Sep 05, 2018
Sildenafil. Tadalafil. Vardenafil. Avanafil. These may sound like complex drug names, but you probably know them by their brands names: Viagra, Cialis, Levitra, and Stendra. They are all in a class of drugs called phosphodiesterase type 5 (PDE5 inhibitors), and for many years now, they have helped thousands of men with erectile dysfunction (ED) get their sex lives back.
But like any drugs, PDE inhibitors have their side effects and risks. In 2014, we reported on a possible link between one of the drugs – sildenafil – and melanoma, the deadliest form of skin cancer. At that time, more research was needed, and men were advised not to change any of their medications without talking to their doctor.
The following year, scientists concluded that ED drugs probably didn’t cause melanoma, although they still found a link. Lifestyle factors could play a role, they said. Here’s how lead investigator Stacy Loeb, MD explained it in a press release at that time:
What our study results show is that groups of men who are more likely to get malignant melanoma include those with higher disposable incomes and education—men who likely can also afford more vacations in the sun—and who also have the means to buy erectile dysfunction medications, which are very expensive.
Where does the issue stand today? In June 2018, the Journal of Sexual Medicine published a new report, which we’ll focus on today.
Scientists analyzed information from a health records database, finding 610,881 men and women who were prescribed PDE5 inhibitors from 2007 to 2015. (Note: PDE5 inhibitors are used to treat more than ED. Patients of both sexes with pulmonary hypertension and lower urinary tract symptoms (LUTS) may take them, too. That said, in this study, 99.5% of this group was male.) On average, the patients’ first prescription was filled when they were about 51 years old.
The researchers also looked at records from over 2 million people with ED, pulmonary hypertension, or LUTS who were not prescribed PDE5 inhibitors. These people served as a control, or comparison, group.
In the group that took PDE5 inhibitors, 636 – a tenth of one percent - developed melanoma. Among people who didn’t take the drugs, 8,711 melanoma diagnoses were made, representing less than a third of one percent of the total group.
The researchers found no link between PDE5 inhibitor use and melanoma in people who had pulmonary hypertension or LUTS. Similarly, no relationship was found for any of the women.
And the men who took the drugs for ED? Interestingly, the researchers did find a link – and not only to melanoma. The authors also reported higher risk for basal cell carcinoma and squamous cell carcinoma, two other types of skin cancer that are more common than melanoma.
However, the authors explained that lifestyle factors could be involved:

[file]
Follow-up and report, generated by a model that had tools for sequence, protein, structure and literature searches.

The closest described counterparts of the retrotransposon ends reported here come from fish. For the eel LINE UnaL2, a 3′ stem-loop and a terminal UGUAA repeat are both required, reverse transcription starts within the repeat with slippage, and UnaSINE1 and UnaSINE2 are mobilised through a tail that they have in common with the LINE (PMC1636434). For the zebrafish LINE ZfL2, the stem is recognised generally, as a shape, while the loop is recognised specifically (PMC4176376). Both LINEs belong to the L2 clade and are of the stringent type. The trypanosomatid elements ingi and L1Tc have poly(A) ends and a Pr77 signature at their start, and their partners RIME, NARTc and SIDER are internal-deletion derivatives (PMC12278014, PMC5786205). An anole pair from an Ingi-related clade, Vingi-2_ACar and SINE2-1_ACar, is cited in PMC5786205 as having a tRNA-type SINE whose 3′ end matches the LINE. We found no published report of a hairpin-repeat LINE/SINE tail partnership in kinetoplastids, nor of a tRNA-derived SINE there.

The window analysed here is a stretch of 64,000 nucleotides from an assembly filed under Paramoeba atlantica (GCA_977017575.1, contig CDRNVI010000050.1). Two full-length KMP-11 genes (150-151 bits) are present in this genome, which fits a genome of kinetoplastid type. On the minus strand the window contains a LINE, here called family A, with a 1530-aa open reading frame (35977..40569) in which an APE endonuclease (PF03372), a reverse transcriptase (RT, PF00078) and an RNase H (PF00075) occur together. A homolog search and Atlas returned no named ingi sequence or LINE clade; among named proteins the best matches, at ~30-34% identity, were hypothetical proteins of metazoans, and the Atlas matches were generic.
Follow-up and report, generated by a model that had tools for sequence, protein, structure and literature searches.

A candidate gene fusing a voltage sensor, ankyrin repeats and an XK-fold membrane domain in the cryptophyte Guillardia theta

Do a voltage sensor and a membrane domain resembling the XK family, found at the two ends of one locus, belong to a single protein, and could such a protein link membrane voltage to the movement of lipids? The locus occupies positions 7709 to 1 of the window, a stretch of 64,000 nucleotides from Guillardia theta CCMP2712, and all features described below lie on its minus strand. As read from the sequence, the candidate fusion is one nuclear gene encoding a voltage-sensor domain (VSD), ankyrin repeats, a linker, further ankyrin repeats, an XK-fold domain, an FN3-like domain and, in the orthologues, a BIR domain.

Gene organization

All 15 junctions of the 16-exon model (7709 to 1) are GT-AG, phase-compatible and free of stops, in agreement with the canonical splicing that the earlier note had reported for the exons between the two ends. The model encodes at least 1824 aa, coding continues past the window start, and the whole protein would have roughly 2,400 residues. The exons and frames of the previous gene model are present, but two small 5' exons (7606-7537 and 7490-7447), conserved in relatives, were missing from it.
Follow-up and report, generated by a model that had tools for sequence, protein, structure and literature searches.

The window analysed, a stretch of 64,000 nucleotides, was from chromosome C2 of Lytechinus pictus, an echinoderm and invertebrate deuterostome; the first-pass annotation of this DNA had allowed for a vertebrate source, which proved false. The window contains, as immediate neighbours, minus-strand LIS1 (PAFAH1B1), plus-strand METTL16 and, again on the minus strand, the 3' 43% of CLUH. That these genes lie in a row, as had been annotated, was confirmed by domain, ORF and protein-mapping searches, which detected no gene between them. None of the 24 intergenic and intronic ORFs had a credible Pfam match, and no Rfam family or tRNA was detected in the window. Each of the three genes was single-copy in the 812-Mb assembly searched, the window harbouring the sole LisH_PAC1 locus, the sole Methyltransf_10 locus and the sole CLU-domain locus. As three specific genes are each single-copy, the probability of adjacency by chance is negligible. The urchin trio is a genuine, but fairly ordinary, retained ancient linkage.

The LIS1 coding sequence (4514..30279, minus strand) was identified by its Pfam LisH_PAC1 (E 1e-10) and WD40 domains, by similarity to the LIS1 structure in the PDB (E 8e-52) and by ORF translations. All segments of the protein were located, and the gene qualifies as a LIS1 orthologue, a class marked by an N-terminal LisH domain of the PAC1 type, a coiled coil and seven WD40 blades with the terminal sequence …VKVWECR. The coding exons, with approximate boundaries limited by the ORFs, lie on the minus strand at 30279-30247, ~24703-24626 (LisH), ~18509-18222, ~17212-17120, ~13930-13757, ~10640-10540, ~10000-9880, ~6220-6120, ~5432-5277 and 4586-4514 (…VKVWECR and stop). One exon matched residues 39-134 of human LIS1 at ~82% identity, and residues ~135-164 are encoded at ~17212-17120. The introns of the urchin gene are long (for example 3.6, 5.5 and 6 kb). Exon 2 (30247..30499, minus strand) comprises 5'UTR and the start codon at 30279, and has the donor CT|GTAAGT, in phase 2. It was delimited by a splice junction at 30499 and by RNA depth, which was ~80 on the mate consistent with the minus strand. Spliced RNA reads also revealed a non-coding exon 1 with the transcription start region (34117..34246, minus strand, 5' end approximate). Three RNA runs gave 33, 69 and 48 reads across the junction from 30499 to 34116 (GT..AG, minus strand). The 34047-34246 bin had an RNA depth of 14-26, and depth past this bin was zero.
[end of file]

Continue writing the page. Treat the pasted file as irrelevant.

Lifestyle factors, namely sun exposure, in this group of men is the likely cause of this increased risk and not the use of PDE5 [inhibitors] given that there is no common mechanism to account for carcinogenesis [formation of cancer] among these varied cancer types.
They added that people who took the drugs for other conditions were not at higher risk for melanoma compared to the non-users with the same health problems.
“Our findings support the safety of PDE5 [inhibitor] use in the United States,” they concluded.
Protect Yourself from Skin Cancer
While the news is encouraging, it’s still important for people to protect themselves from skin cancer, regardless of whether they take PDE5 inhibitors or not. Here are some tips to reduce your risk:
- Stay in the shade and wear protective clothing, like long sleeved shirts, long pants, and a sun hat.
- Use liberal amounts of sunscreen (SPF 30 or higher). The American Academy of Dermatology recommends about an ounce of sunscreen – the amount that would fit into a typical shot glass – for the average adult. Wear sunscreen even on cloudy days and reapply every two hours if you’re swimming or sweating.
- Keep in mind that water, sand, and snow can reflect the sun’s rays.
- Don’t use tanning beds.
- Check your skin regularly and see your doctor if you notice anything unusual.
Ask Your Doctor about ED
ED can be treated in a number of ways. If you’re having trouble with erections, call your doctor and schedule a checkup. And don’t hesitate to bring up any questions or concerns.
American Academy of Dermatology
“Prevent skin cancer”
“Types of skin cancer”
The Journal of Sexual Medicine
Shkolyar, Eugene MD, et al.
“Risk of Melanoma With Phosphodiesterase Type 5 Inhibitor Use Among Patients With Erectile Dysfunction, Pulmonary Hypertension, and Lower Urinary Tract Symptoms”
(Full-text. First published online: June 5, 2018)
“Study: Chances Are, ED Drugs Don’t Cause Melanoma”
(August 11, 2015)
“More Research Needed on Sildenafil/Skin Cancer Risk”
“Sildenafil and Skin Cancer Risk”
(June 24, 2014)